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Publication numberUS3284818 A
Publication typeGrant
Publication dateNov 15, 1966
Filing dateFeb 24, 1964
Priority dateFeb 24, 1964
Publication numberUS 3284818 A, US 3284818A, US-A-3284818, US3284818 A, US3284818A
InventorsFrank B Lutz
Original AssigneeMonsanto Co
Export CitationBiBTeX, EndNote, RefMan
External Links: USPTO, USPTO Assignment, Espacenet
Tufted fabric sleeping bag
US 3284818 A
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Description  (OCR text may contain errors)

Nov.' 15, 1966 F. B. LUTZ TUFTED FABRIC SLEEPING BAG Filed Feb. 24, 1964 INVENTOR. FRANK B. LU TZ ATTO NEY Uite States Patent 0 3,284,818 TUFTED FABRIC SLEEPENG BAG Frank 15. Lutz, Athens, Ala, assignor to Monsanto Company, a corporation of Delaware Filed Feb. 24, 1964, Scr. No. 346,766 3 Claims. (Cl. 5343) This invention relates to sleeping bags and more particularly to a light weight sleeping bag constructed from a single ply tufted fabric such as tufted type blanket and deep-pile lining materials.

Sleeping bags are commonly made of a quilted material comprising a filling which may be feathers, or down; natural fibers such as kopak and wool; or synthetic fibers such as acrylics, polyesters, and acetates. The materials are used as fillers to provide warmth to the user of the sleeping bag. While it is essential to construct a sleeping bag that will keep the user thereof warm, it is frequently def able that the weight be kept at a mini-mum. Extra weight and bulk is obviously objectionable in some instances. This is especially true if the tiers are hikers, mountain climbers, or children.

The discovery has been made that a tufted type blanket material can be used for making a much lighter sleeping bag while maintaining adequate warming propensities thereof. Heretolore, other lightweight fabrics such as household blanket material of the conventional woven and mapped type have been used in an attempt to provide a lighter weight sleeping bag. One disadvantage of the woven and napped type blanket materials is that neither is strong enough or resistant enough against abrasive actions to make a satisfactory sleeping bag Without sacrificing the desirable property of light weight. Therefore, in the past a sheet type material has been used to provide an outer covering for a sleeping bag material.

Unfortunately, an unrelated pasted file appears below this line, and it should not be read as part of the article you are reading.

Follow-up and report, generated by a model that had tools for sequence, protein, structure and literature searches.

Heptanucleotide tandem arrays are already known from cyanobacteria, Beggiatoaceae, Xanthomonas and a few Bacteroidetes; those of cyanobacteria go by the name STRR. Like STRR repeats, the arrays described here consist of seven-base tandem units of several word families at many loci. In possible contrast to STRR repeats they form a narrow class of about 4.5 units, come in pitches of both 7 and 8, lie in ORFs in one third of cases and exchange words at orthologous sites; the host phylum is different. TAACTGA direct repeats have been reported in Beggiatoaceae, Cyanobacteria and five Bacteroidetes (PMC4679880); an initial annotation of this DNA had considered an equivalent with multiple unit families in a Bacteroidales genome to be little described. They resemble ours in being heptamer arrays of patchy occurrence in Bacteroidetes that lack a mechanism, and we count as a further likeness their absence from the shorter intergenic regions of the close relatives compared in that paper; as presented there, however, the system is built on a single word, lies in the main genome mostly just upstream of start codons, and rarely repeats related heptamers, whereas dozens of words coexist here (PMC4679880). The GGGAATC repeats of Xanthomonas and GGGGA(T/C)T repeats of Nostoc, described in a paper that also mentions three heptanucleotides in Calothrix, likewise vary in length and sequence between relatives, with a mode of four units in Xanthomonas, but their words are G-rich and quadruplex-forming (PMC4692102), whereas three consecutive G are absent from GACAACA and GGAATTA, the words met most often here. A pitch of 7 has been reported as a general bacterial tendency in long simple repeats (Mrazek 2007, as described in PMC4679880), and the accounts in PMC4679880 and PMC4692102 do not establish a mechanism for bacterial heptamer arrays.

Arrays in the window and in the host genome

The outer ply of material adds to the weight of the sleeping bag and increases the production costs thereof. With this in mind it is an object of this invention to use a tufted type blanket or deep-pile lining material to form a strong, light weight, easily washable sleeping bag which does not require an outer ply covering made of a different fabric.

Another object of the present invention is to provide a warm, light weight sleeping bag having improved aesthetic qualities.

Other objects and advantages of the present invention will become apparent when the following detailed description is read in conjunction with the appended drawing wherein FIGURE 1 is a perspective view of the invention 21 viewed from the top thereof;

FIGURE 2 is a transverse cross-sectional view of one form of the invention;

FIGURE 3 is a transverse cross-sectional view of FIGURE 1;

FIGURE 4 is a transverse cross-sectional view of another form of the invention wherein a ply of non-cellular synthetic foam is bonded to the back of the tufted fabric; and

FIGURE 5 is a transverse cross-sectional view showing a cellular and non-cellular synthetic foam.

One embodiment of the invention contemplates a lightweight, washable sleeping bag that is economically constructed from a rectangular piece of tufted type blanket material by folding the piece of material in half with the tuft sides facing together to form a double layer having a zipper attached along the outer edges of the longer sides and across one end thereof for connecting the sides and the said end together to form a sleeping bag that is warm and aesthetically pleasing to the eye. Another form of the invention has been realized by placing two pieces of fabric back-to-back or folding a single piece to form a similar double layer. According to a further modification of the present invention, a layer of synthetic foam is bonded to the side of the fabric opposite the tuft for providing additional warmth and comfor-t to the user.

In accordance with the present invention a sleeping bag It) is formed from a rectangular shaped piece of tufted fabric. This is accomplished by providing a zipper fastener along the edge of both sides and one end of the fabric for connecting the said sides and end together when the article is folded on itself thereby forming an oblong bag-like structure. The zipper fastener 11 is comprised of a pair of zipper elements 12 and 13 which have complementary lugs thereon for connecting the sides and end together when the fabric is folded. These two rows of zipper lugs are interlocked and disconnected by means of the usual double-pull slide member 14 cooperatively attached thereto in the well known manner.